I am interested in learning about the fundamentals of on-line change point detection. I am specifically not interested in the Bayesian methods.

The only solid resource / review / survey I could find for on-line methods was the book Sequential Analysis: Hypothesis Testing and Changepoint Detection by Tartakovsky, Nikiforov, and Basseville but it is very advanced. Are there any other resources out there for someone getting into this line of research at an early grad level?

An example for what I am looking for, this paper that surveys offline methods is amazingly clear and beginner friendly.


1 Answer 1


I found Chapter 2 of Dean Bodenham's PhD Thesis to be a good introduction to the subject.

One of the measures defined therein is the CUSUM process, which gives a sequence $S_0, S_1, \dots$ that becomes very large when the sequence $x_1, x_{2}, \dots$ is consistently exceeding the mean $\mu$ (taking into account the variance of the sequence $\sigma^2$). There is a different definition for the CUSUM that is more useful than the one given in Section 2.1.4 (Bodenham uses this definition in a different paper): $$S_0 = 0,$$ $$S_j = \max(0, S_{j-1} + (x_j - \mu) / \sigma - k), \ \ \ \ j = \{1,2,\dots\}.$$ You would declare that a change has occurred once the process $S_t$ exceeds some threshold $h$. In the paper I mentioned, Bodenham sets $S_0 = \mu$, which I think is a mistake: if $\mu > h$ then we would trigger the end of the process immediately.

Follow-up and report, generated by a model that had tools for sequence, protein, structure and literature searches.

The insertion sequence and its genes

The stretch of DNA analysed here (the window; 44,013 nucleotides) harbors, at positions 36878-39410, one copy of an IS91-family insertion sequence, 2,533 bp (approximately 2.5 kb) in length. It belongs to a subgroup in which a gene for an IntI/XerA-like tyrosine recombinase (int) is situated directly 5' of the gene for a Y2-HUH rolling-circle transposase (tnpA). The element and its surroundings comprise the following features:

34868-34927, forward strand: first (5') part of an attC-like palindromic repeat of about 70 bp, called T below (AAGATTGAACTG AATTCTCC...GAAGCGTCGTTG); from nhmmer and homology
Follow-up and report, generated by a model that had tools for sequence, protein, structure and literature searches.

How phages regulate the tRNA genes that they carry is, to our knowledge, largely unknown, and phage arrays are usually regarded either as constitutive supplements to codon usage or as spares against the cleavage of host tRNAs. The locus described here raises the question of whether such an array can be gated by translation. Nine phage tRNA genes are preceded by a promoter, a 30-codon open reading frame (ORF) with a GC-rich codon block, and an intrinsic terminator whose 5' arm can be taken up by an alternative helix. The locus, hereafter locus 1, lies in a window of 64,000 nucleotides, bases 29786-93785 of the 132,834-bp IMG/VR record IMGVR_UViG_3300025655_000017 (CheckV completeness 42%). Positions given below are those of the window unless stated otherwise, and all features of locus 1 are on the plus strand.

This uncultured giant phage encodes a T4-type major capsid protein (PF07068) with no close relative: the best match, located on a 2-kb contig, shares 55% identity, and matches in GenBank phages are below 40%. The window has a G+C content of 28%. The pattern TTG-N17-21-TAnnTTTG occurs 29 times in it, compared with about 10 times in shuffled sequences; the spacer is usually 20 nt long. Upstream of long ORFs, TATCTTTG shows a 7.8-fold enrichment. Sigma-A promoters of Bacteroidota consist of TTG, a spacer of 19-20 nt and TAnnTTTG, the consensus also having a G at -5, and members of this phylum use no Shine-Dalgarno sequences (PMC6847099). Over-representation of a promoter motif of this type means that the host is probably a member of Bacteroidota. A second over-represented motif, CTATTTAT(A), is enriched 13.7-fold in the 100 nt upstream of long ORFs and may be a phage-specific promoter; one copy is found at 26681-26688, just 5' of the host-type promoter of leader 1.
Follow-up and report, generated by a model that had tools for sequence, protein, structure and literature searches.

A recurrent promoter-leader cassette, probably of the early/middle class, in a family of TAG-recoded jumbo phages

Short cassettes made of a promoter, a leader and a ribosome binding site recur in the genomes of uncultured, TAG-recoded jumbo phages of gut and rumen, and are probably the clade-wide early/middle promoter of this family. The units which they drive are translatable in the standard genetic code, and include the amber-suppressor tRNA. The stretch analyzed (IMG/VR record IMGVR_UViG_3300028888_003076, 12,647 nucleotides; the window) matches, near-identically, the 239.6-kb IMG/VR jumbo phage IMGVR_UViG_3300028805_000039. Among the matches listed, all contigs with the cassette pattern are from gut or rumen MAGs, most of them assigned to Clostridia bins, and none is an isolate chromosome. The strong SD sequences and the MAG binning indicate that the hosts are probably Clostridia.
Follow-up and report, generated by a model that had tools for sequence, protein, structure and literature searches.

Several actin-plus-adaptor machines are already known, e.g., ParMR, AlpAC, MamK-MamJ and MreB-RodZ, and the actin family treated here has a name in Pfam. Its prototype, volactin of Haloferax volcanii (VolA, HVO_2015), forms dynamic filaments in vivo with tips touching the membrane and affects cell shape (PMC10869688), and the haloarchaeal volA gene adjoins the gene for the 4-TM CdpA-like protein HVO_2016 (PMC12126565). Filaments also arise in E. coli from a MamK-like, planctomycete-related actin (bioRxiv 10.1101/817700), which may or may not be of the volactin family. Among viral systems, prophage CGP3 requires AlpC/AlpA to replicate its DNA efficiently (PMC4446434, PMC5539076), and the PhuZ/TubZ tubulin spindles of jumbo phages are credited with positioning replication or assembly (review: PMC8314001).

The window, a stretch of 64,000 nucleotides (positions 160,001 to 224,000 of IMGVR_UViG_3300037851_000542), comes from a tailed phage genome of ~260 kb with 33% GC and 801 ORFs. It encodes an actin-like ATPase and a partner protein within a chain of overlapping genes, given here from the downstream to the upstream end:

In addition to the CUSUM that checks for positive drift in the process $x_1, x_2, \dots$, you can also run a simultaneous CUSUM process $T_0, T_1, \dots$ given by $$T_0 = 0,$$ $$T_j = \max(0, T_{j-1} - (x_j - \mu) / \sigma - k), \ \ \ \ j = \{1,2,\dots\},$$ which gets large when the process $x_1, x_2, \dots$ is consistently below the mean.

  • $\begingroup$ Thanks for the references. I hadn't come across those and they do seem well-written. I'll accept your answer but if you ever come across more / different references that are as helpful. Please add them or notify me. Cheers. $\endgroup$
    – guy
    Commented May 26, 2019 at 0:58

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